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Comparative Cost of Early Infant Male Circumcision by Nurse-Midwives and Doctors in Zimbabwe

Mangenah, C; Mavhu, W; Hatzold, K; Biddle, AK; Ncube, G; Mugurungi, O; Ticklay, I; ... Thirumurthy, H; + view all (2016) Comparative Cost of Early Infant Male Circumcision by Nurse-Midwives and Doctors in Zimbabwe. Global Health: Science and Practice , 4 (Suppl 1) S68-S75. 10.9745/GHSP-D-15-00201. Green open access

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Abstract

BACKGROUND: The 14 countries that are scaling up voluntary male medical circumcision (VMMC) for HIV prevention are also considering early infant male circumcision (EIMC) to ensure longer-term reductions in HIV incidence. The cost of implementing EIMC is an important factor in scale-up decisions. We conducted a comparative cost analysis of EIMC performed by nurse-midwives and doctors using the AccuCirc device in Zimbabwe. METHODS: Between August 2013 and July 2014, nurse-midwives performed EIMC on 500 male infants using AccuCirc in a field trial. We analyzed the overall unit cost and identified key cost drivers of EIMC performed by nurse-midwives and compared these with costing data previously collected during a randomized noninferiority comparison trial of 2 devices (AccuCirc and the Mogen clamp) in which doctors performed EIMC. We assessed direct costs (consumable and nonconsumable supplies, device, personnel, associated staff training, and waste management costs) and indirect costs (capital and support personnel costs). We performed one-way sensitivity analyses to assess cost changes when we varied key component costs. RESULTS: The unit costs of EIMC performed by nurse-midwives and doctors in vertical programs were US$38.87 and US$49.77, respectively. Key cost drivers of EIMC were consumable supplies, personnel costs, and the device price. In this cost analysis, major cost drivers that explained the differences between EIMC performed by nurse-midwives and doctors were personnel and training costs, both of which were lower for nurse-midwives. CONCLUSIONS: EIMC unit costs were lower when performed by nurse-midwives compared with doctors. To minimize costs, countries planning to scale up EIMC should consider using nurse-midwives, who are in greater supply than doctors and are the main providers at the primary health care level, where most infants are born.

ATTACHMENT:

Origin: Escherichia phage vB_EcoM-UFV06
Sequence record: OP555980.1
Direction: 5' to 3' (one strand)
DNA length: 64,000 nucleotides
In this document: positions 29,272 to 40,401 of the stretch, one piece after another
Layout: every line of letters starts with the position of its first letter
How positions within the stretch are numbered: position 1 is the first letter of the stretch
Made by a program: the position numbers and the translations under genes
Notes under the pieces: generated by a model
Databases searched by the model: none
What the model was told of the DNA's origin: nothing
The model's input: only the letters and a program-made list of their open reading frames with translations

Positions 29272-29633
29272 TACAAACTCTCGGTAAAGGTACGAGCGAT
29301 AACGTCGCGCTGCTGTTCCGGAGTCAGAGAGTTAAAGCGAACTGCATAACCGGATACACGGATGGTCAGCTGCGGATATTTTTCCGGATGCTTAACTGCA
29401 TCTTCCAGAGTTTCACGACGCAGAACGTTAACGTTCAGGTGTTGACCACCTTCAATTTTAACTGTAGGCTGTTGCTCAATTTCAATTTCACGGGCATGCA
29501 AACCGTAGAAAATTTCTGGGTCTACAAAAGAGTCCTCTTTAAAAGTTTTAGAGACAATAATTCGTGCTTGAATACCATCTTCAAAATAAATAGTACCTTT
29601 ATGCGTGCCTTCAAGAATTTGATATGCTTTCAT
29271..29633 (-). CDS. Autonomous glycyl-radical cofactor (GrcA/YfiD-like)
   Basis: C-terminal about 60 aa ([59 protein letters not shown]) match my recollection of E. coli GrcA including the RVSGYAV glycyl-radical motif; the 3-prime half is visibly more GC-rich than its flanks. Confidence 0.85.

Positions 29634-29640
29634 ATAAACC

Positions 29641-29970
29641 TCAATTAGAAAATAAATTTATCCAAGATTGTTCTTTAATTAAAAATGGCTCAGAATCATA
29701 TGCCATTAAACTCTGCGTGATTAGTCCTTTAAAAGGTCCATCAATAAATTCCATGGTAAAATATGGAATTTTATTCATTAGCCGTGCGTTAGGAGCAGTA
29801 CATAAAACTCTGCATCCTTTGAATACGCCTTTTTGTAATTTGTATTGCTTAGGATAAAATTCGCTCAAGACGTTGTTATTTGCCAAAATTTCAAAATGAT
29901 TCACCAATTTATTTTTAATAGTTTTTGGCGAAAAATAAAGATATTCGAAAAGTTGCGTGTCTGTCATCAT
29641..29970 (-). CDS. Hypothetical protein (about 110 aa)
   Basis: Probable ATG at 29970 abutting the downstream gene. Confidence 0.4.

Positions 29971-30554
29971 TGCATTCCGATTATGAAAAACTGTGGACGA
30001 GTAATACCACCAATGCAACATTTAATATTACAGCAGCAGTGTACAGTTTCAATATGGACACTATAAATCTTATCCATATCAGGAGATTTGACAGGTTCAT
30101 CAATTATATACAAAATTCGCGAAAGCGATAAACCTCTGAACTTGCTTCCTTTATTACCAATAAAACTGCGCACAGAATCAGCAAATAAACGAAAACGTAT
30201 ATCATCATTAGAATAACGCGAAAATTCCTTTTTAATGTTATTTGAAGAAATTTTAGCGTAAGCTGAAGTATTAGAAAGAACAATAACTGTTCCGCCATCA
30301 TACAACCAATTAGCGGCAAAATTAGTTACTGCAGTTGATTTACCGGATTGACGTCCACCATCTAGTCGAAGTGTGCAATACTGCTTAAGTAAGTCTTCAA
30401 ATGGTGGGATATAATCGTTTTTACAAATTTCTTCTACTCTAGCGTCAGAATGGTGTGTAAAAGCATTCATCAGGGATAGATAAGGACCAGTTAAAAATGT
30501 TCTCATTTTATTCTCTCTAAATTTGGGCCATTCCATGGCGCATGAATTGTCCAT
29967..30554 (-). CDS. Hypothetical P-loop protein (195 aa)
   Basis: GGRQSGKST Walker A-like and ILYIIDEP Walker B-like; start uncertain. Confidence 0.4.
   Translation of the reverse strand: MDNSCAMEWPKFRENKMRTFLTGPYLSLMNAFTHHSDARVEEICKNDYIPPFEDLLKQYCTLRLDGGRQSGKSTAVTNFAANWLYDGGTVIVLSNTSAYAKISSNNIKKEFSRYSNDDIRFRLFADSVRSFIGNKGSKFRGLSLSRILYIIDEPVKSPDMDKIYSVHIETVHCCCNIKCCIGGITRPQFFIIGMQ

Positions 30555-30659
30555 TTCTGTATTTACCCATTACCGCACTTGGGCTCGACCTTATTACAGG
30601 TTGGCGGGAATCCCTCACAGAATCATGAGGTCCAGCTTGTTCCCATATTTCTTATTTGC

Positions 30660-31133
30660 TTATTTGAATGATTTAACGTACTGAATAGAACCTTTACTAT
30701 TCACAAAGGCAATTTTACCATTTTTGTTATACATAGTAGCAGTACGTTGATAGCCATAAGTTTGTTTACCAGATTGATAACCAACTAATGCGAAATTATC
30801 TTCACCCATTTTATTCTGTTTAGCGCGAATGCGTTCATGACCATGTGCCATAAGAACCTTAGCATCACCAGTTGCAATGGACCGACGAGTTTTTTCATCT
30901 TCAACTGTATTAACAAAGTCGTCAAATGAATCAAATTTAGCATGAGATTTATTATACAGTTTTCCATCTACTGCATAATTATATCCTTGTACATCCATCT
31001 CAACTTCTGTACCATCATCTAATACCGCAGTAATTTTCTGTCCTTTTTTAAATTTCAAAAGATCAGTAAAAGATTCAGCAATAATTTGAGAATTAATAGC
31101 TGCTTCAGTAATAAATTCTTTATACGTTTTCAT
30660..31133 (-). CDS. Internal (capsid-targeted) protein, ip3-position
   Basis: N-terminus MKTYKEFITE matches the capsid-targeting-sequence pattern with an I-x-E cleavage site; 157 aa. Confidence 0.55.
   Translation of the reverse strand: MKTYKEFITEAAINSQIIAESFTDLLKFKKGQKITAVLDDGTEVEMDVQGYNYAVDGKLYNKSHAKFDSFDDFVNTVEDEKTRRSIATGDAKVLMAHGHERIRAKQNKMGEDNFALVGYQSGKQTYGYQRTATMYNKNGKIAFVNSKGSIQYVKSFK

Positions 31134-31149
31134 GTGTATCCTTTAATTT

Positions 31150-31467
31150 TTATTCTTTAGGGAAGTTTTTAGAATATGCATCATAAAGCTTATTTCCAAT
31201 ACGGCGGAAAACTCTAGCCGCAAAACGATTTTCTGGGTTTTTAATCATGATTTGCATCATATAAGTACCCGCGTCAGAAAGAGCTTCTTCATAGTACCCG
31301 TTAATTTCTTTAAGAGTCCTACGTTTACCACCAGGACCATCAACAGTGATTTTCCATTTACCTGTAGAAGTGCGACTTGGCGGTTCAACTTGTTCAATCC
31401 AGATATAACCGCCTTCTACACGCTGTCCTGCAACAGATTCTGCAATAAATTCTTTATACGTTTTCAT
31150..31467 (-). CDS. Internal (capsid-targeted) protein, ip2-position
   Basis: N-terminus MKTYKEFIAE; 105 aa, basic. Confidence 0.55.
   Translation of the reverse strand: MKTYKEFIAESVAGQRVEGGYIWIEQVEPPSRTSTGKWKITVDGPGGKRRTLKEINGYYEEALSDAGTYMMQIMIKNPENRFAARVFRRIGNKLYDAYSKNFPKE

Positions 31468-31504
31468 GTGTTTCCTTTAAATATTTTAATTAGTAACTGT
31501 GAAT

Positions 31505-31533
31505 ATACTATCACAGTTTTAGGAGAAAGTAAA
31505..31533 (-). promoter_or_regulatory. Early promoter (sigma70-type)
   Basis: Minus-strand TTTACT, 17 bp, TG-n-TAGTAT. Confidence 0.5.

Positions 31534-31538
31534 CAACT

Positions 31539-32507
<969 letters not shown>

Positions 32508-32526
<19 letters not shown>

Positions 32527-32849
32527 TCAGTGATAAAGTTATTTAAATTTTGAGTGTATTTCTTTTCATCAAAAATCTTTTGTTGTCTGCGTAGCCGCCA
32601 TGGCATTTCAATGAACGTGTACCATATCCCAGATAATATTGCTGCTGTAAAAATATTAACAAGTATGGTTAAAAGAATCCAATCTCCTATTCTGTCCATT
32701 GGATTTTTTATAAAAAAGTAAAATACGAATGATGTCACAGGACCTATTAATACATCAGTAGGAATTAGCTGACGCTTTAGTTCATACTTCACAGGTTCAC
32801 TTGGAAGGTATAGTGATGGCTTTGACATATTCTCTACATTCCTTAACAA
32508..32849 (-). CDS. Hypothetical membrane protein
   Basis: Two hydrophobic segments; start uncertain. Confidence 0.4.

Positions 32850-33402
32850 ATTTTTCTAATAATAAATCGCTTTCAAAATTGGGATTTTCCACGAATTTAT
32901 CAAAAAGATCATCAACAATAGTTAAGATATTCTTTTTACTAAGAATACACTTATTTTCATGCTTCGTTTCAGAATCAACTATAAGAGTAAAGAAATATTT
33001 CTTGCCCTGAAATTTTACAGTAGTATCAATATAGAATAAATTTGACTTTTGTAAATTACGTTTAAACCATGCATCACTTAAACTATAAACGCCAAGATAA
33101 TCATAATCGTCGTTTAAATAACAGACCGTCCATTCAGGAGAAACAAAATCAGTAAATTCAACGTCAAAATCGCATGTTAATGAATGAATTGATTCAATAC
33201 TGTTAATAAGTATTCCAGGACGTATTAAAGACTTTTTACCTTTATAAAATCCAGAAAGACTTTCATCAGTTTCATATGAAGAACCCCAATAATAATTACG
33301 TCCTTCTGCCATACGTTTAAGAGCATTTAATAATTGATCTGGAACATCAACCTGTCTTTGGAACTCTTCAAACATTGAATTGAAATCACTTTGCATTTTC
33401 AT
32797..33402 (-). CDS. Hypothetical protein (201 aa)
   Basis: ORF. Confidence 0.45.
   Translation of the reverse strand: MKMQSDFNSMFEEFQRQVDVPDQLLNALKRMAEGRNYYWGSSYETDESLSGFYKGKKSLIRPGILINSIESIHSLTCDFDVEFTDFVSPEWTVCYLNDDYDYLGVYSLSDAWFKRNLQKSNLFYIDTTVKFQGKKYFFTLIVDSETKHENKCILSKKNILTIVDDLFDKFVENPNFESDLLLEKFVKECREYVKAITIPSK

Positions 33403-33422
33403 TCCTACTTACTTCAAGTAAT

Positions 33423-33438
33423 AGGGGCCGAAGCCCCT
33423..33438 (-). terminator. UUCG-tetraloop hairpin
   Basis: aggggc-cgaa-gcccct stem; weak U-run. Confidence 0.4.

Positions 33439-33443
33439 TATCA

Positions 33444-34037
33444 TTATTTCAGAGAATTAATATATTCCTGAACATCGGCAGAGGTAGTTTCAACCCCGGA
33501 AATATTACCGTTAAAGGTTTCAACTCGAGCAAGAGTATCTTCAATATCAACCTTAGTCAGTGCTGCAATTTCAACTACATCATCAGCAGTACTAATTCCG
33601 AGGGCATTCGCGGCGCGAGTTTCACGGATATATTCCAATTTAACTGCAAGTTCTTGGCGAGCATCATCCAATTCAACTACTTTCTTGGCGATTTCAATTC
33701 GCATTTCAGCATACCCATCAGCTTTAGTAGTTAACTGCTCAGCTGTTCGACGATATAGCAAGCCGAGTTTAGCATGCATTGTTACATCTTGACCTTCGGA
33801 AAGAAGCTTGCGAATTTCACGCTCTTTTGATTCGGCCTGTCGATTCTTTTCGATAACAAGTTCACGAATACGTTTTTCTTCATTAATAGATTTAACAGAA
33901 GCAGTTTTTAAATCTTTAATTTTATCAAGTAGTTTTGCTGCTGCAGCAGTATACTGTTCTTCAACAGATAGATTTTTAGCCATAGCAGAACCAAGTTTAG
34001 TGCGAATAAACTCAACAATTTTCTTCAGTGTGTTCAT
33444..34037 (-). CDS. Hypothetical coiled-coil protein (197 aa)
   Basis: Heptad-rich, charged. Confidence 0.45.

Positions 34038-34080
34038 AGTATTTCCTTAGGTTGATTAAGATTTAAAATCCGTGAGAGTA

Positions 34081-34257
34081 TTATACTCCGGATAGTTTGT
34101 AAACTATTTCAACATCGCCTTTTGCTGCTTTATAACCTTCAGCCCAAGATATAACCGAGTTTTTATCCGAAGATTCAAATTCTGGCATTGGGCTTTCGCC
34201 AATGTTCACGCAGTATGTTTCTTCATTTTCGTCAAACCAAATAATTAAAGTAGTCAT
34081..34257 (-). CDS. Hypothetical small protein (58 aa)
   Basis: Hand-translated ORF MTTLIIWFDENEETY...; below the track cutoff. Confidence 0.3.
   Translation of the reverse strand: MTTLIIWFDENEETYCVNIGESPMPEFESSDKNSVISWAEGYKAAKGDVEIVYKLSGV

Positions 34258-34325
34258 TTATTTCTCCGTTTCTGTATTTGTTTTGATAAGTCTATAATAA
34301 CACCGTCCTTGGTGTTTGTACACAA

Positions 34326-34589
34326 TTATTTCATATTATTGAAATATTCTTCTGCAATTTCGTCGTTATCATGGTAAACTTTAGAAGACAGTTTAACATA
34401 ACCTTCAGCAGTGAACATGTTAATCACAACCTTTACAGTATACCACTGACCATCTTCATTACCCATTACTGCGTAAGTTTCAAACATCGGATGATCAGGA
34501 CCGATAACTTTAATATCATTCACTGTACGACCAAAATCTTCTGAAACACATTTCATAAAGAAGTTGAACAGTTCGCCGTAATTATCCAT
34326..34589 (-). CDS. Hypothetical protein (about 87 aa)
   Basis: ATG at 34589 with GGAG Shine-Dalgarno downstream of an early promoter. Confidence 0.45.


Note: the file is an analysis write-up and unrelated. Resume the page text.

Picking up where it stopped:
Type: Article
Title: Comparative Cost of Early Infant Male Circumcision by Nurse-Midwives and Doctors in Zimbabwe
Location: United States
Open access status: An open access version is available from UCL Discovery
DOI: 10.9745/GHSP-D-15-00201
Publisher version: http://dx.doi.org/10.9745/GHSP-D-15-00201
Language: English
Additional information: Copyright © Mangenah et al. This is an open-access article distributed under the terms of the Creative Commons Attribution Licence (CC BY 3.0) (http://creativecommons.org/licenses/by/3.0/), which permits unrestricted use, distribution, and reproduction in any medium, provided the original author and source are properly cited. When linking to this article, please use the following permanent link: http://dx.doi.org/10.9745/GHSP-D-15-00201.
UCL classification: UCL
UCL > Provost and Vice Provost Offices
UCL > Provost and Vice Provost Offices > School of Life and Medical Sciences
UCL > Provost and Vice Provost Offices > School of Life and Medical Sciences > Faculty of Population Health Sciences
URI: https://discovery.ucl.ac.uk/id/eprint/1505879
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